Frederick Covenant of UU Pagans
New Monthly Meetings for Earth-centered Spirituality
Our Earth-centered Spirituality Group meets on the 3rd Sunday of each month at 10:00 a.m. in the Chapel. This time provides an opportunity to focus on the Sixth Source of Unitarian Universalism: "Spiritual teachings of earth-centered traditions which celebrate the sacred circle of life and instruct us to live in harmony with the rhythms of nature."
We usually also gather to celebrate each of the eight holidays, or Sabbats, on the Wheel of the Year, which mark the seasons of the Sun -- the Solstices, Equinoxes, and points in between in European traditions. Through the eight Sabbats, many contemporary Pagans attune themselves to the creative forces of the Cosmos:
- Samhain or Halloween (October 31) - This is the time of year the light noticeably fades. Pagans reflect on and review the past year and welcome the Celtic New Year. In this season, Pagans also honor death as a part of the sacred circle of life and remember those who have died.
- Yule, the Winter Solstice (December 20-23) - This is the shortest day and longest night of the year. Pagans welcome the rebirth of the Sun with feasting, dancing, music and festivities. Decorations include wreaths, boughs of holly, mistletoe, evergreens, and lots of lights.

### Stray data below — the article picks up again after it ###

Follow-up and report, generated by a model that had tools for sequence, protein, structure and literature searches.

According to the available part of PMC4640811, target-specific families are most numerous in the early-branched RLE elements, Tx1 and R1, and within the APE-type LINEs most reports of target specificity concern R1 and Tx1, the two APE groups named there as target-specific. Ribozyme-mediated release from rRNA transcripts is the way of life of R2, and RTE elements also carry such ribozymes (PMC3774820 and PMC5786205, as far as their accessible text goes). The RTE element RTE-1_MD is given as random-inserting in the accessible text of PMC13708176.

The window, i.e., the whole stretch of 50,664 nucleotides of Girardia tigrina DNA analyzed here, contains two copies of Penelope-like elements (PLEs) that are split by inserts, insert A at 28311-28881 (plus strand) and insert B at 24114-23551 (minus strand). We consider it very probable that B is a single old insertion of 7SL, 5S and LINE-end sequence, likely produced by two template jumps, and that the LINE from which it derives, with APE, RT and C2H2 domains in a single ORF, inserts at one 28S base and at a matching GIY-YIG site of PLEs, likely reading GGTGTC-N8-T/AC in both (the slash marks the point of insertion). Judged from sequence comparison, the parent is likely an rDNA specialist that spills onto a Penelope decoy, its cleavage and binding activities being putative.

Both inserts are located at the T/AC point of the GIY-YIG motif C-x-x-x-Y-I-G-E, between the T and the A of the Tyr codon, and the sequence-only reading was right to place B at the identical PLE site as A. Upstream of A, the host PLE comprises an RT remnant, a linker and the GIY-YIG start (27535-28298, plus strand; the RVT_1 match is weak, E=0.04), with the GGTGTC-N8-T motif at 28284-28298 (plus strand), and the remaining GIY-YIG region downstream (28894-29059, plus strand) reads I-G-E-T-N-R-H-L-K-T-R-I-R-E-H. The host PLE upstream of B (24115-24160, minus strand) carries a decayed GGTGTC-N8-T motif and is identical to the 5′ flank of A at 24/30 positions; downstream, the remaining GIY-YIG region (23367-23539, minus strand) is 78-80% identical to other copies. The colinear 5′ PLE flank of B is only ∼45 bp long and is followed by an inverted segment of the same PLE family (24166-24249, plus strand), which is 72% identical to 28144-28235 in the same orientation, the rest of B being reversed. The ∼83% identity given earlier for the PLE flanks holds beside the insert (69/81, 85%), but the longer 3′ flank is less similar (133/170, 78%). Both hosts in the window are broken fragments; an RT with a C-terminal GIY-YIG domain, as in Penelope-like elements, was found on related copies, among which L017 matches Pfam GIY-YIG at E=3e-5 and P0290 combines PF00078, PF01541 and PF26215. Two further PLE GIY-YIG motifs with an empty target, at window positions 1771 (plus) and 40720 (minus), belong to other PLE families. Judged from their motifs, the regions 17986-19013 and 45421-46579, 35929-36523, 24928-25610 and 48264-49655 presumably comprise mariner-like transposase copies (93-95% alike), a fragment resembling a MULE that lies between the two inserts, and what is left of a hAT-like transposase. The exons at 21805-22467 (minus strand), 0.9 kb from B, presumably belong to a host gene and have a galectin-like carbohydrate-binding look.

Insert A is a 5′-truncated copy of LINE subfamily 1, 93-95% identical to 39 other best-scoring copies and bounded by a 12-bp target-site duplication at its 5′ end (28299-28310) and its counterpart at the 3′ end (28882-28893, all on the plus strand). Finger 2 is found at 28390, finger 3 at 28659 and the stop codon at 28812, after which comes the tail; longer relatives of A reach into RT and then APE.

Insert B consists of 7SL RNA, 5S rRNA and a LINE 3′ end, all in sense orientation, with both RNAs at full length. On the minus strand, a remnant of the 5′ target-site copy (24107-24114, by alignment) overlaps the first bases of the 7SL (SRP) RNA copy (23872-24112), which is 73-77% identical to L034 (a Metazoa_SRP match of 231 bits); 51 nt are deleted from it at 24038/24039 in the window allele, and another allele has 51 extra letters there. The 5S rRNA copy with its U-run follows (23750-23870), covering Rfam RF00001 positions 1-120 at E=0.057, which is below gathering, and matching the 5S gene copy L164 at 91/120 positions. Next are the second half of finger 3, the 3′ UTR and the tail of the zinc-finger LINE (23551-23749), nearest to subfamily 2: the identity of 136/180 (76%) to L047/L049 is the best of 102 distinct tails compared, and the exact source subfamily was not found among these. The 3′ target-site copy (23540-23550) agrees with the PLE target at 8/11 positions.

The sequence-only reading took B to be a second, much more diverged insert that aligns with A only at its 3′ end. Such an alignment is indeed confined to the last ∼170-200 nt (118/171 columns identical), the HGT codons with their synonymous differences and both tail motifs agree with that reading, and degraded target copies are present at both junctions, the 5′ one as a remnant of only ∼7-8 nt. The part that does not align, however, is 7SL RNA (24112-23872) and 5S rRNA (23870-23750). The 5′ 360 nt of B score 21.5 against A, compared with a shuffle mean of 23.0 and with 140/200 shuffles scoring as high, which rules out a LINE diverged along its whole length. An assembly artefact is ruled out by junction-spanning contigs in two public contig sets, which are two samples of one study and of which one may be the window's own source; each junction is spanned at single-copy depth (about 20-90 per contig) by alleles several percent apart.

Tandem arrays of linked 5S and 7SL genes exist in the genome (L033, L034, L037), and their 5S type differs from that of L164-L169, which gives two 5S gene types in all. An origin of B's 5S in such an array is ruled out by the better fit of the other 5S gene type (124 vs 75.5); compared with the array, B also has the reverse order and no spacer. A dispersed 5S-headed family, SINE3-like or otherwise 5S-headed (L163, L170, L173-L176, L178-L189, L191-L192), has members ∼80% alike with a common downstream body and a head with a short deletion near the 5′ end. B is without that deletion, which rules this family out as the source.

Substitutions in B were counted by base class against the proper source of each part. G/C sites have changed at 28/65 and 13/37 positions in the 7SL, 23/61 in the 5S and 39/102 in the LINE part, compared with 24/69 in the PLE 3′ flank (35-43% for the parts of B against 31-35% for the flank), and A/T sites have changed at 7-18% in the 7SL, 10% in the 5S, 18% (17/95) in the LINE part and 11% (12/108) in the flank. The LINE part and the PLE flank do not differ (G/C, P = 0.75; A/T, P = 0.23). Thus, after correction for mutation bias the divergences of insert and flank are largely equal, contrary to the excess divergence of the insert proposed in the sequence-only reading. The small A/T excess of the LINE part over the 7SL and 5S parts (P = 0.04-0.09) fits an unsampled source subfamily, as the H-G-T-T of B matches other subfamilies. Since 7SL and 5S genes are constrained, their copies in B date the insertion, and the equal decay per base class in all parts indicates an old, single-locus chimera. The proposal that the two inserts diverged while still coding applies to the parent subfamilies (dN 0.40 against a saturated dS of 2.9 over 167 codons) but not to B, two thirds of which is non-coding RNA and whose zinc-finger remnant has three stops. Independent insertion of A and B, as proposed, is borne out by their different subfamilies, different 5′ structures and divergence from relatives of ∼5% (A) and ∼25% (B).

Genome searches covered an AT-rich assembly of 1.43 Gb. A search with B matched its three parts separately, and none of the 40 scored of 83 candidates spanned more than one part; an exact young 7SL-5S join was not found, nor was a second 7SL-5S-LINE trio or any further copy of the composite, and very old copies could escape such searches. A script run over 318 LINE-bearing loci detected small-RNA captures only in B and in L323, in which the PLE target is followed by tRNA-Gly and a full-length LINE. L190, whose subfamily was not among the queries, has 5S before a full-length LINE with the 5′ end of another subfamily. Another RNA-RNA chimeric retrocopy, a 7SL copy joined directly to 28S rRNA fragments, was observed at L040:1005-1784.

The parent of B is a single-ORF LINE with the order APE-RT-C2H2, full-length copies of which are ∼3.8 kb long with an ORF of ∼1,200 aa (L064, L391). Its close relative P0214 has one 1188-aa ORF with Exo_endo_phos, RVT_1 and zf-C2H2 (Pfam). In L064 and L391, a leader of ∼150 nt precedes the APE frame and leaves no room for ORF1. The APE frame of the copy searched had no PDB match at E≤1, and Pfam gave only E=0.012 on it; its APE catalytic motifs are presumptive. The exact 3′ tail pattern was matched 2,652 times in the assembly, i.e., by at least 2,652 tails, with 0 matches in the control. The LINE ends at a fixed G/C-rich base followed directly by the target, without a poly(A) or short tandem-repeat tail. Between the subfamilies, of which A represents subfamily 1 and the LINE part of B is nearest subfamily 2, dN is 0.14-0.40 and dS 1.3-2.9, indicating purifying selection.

- Imbolc or Candlemas (February 2) - This is the time to celebrate the growing daylight. Pagans celebrate with candles and fire to symbolize the renewing power of the Sun's illumination in Nature and new beginnings in ourselves.
- Ostara the Spring Equinox (March 19-21) - On the first day of Spring, when day and night are balanced, Pagans honor that balance and seek it within while rejoicing in the stirrings of life in Nature. Beltane or May Day (May 1) This is the day for dancing around maypoles in honor of the fertility of the Earth made possible by the increased warmth of the Sun.
- Litha the Summer Solstice (June 19-23) - On the longest day of the year, with the Sun at its highest point in the sky, Pagans rejoice in the Sun's life-giving warmth and ability to make things grow.
- Lammas or Lughnasad (August 1) - This is the time of year when plants first start to drop their fruits or seeds. With the days growing shorter, Pagans celebrate the bounty of the Earth with the first harvests of grains.
- Mabon the Autumn Equinox (September 21-24) - Again the days and nights are of equal length and Pagans acknowledge the balance. This inaugurates a season of preparation and the transition from the ease of summer to the colder tasks of winter.
We are in the process of applying to become a member of the national Covenant of Unitarian Universalist Pagans (CUUPS), an organization dedicated to networking Pagan-identified Unitarian Universalists, educating people about Paganism, promoting interfaith dialogue, developing Pagan liturgies and theologies, and supporting Pagan-identified UU religious professionals.
Please visit our calendar page to confirm the time and date of future gatherings.
To be added to the email distribution list for CUUPs and Earth-centered Spirituality services, please send a request to .